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Is public sector procurement adequately defined?


The supreme law governing public procurement is the State Procurement Board Act (SPB) (Chapter 22: 14) and its subsidiary regulation, the Procurement Regulation 2002 (SI 171/2002). The law was enacted to regulate public sector procurement and protect public funds.

The jurisdiction of the law is the public sector. It has an obligation to protect public funds spent through procurement. What’s the girth of this law as prescribed in the Act?

The Act defines the breadth of public sector as the ministries, departments or other divisions of the government, or statutory bodies, or local authorities.

The SPB is expected to supervise procurement on behalf of procurement entities with power to investigate and take action pertinent thereof.

This is critical to ensure issues of fairness, accountability, competitiveness and transparency are enshrined in public sector procurement.

You will notice, however, that local Authority procurement is operating outside the ambit of the SPB. The Urban Councils Act (UCA) (Chapter 29: 15) gives control of procurement decisions to the Executive through the procurement board of the council raising corporate governance issues where the board in the capacity of shareholders, are directly involved in operational issues.

The provision of UCA creates a policy gap in public sector procurement. The supreme law, the SPB Act, places local authorities under the influence of the SPB, but the UCA makes no reference to the SPB Act.

The agenda Local Government minister Ignatius Chombo brought to Parliament may be influenced by the fact that SPB Act provides independence of procurement decision-making process in the public sector contrary to the UCA that violates corporate governance provisions, and worse, allows the minister to override council decisions that he considers are against the interest of the public.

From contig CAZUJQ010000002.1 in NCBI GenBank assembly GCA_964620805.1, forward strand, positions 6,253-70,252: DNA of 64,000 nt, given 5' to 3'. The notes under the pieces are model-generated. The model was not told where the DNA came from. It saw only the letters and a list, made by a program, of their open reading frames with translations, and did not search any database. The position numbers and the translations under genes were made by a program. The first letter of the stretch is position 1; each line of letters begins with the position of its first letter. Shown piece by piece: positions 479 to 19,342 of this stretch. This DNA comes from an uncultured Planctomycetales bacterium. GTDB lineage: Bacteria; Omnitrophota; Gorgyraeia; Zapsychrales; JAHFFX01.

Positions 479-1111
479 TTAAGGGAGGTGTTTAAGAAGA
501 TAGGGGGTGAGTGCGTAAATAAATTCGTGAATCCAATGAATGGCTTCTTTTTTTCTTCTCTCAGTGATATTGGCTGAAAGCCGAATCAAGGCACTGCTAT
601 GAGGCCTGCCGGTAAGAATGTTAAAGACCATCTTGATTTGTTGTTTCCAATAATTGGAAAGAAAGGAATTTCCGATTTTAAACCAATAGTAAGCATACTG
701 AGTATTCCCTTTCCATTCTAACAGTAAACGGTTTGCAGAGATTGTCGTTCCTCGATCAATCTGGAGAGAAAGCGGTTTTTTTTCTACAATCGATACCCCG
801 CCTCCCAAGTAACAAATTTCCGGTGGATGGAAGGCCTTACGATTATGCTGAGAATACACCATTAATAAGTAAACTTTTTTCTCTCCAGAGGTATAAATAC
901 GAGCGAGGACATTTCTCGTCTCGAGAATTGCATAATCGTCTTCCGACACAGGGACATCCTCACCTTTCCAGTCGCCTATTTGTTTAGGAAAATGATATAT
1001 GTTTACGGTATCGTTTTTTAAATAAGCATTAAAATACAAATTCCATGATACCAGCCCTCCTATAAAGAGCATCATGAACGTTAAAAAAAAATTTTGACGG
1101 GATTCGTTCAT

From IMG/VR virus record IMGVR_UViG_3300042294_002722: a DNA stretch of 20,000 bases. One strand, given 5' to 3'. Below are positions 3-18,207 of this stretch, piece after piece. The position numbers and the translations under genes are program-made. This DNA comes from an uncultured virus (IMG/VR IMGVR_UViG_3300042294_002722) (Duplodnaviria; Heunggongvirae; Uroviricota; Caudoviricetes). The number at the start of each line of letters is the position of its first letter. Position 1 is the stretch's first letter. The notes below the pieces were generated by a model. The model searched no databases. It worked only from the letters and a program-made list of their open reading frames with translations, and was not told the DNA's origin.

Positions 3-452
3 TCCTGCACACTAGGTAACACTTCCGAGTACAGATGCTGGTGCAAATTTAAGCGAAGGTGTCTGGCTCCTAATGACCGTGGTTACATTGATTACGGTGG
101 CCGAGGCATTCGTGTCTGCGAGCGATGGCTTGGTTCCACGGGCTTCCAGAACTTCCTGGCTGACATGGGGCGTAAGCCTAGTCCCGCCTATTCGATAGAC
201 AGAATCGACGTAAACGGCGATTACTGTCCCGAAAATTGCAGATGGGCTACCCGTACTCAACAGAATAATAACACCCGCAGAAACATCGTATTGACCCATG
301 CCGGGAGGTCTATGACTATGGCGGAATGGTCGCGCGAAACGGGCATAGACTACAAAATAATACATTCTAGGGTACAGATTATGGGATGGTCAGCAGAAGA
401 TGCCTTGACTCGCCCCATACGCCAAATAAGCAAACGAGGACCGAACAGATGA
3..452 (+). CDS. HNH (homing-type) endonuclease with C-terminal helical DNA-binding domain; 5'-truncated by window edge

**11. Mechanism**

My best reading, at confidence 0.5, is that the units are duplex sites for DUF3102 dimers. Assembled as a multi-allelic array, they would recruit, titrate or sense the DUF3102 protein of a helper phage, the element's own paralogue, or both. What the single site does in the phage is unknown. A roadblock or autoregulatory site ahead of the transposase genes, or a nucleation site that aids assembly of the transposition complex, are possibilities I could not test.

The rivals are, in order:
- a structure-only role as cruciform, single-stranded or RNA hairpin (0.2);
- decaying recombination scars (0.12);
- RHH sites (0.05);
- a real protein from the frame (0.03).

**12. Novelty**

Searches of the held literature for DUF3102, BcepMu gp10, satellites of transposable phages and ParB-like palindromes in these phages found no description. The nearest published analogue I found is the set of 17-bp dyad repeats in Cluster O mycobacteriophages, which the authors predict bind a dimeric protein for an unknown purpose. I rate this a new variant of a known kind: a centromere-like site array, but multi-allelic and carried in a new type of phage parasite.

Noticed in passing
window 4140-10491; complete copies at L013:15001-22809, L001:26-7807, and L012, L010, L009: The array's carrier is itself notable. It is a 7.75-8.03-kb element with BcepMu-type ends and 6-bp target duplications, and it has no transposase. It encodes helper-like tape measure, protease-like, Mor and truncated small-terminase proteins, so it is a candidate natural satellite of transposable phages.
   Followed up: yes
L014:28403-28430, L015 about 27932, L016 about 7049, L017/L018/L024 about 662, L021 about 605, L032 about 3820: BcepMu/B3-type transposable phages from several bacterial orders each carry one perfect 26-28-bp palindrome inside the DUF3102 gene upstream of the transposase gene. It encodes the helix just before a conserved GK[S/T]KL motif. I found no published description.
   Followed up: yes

My previous articles emphasised that procurement is technical and requires cadres that have relevant skills and training.

Councillors, according to UCA, have a mandate to make procurement decisions, and (section) 4A also stipulates the qualification of a councillor as a mere voter registered in a particular ward.

There are no professional criteria for one to be voted a councillor or appointment of special interest councillors appointed by the minister.

A skills gap is thus created explaining why there are numerous misprocurement reports of late.

The Zimbabwe public sector procurement definition also left out the Ministry of Education, Arts, Sports and Culture school development associations (SDA) — managed procurement.

Parents are religiously paying school SDA fees every term, yet on the other hand, the SDAs are ever seeking to review upwards these fees even if input costs are constant. A grey area where the public funds are spent with inadequate supervision and control exists.
InvestorWords.com defines the public sector as that

part of the economy concerned with providing basic government services. Such services include healthcare and education qualifying SDA to be public sector, benefiting the society and not just the user of the service and also providing equal opportunity.

In that context, schools, whether private, mission or government, would need to fall under public service.

The funds used to run the schools are public funds solicited from parents and therefore require subsequent procurement to be in sync with public procurement systems.

By advocating for regulated procurement for all public funds, one should not mistake this as advocacy for bureaucratic processes as characterised by the state of our current public procurement systems.

The call is for effective and transparent systems that will ensure efficient utilisation of public funds.

Nyasha Chizu is a fellow of CIPS and the current branch chairman of CIPS Zimbabwe. He writes in his personal capacity.

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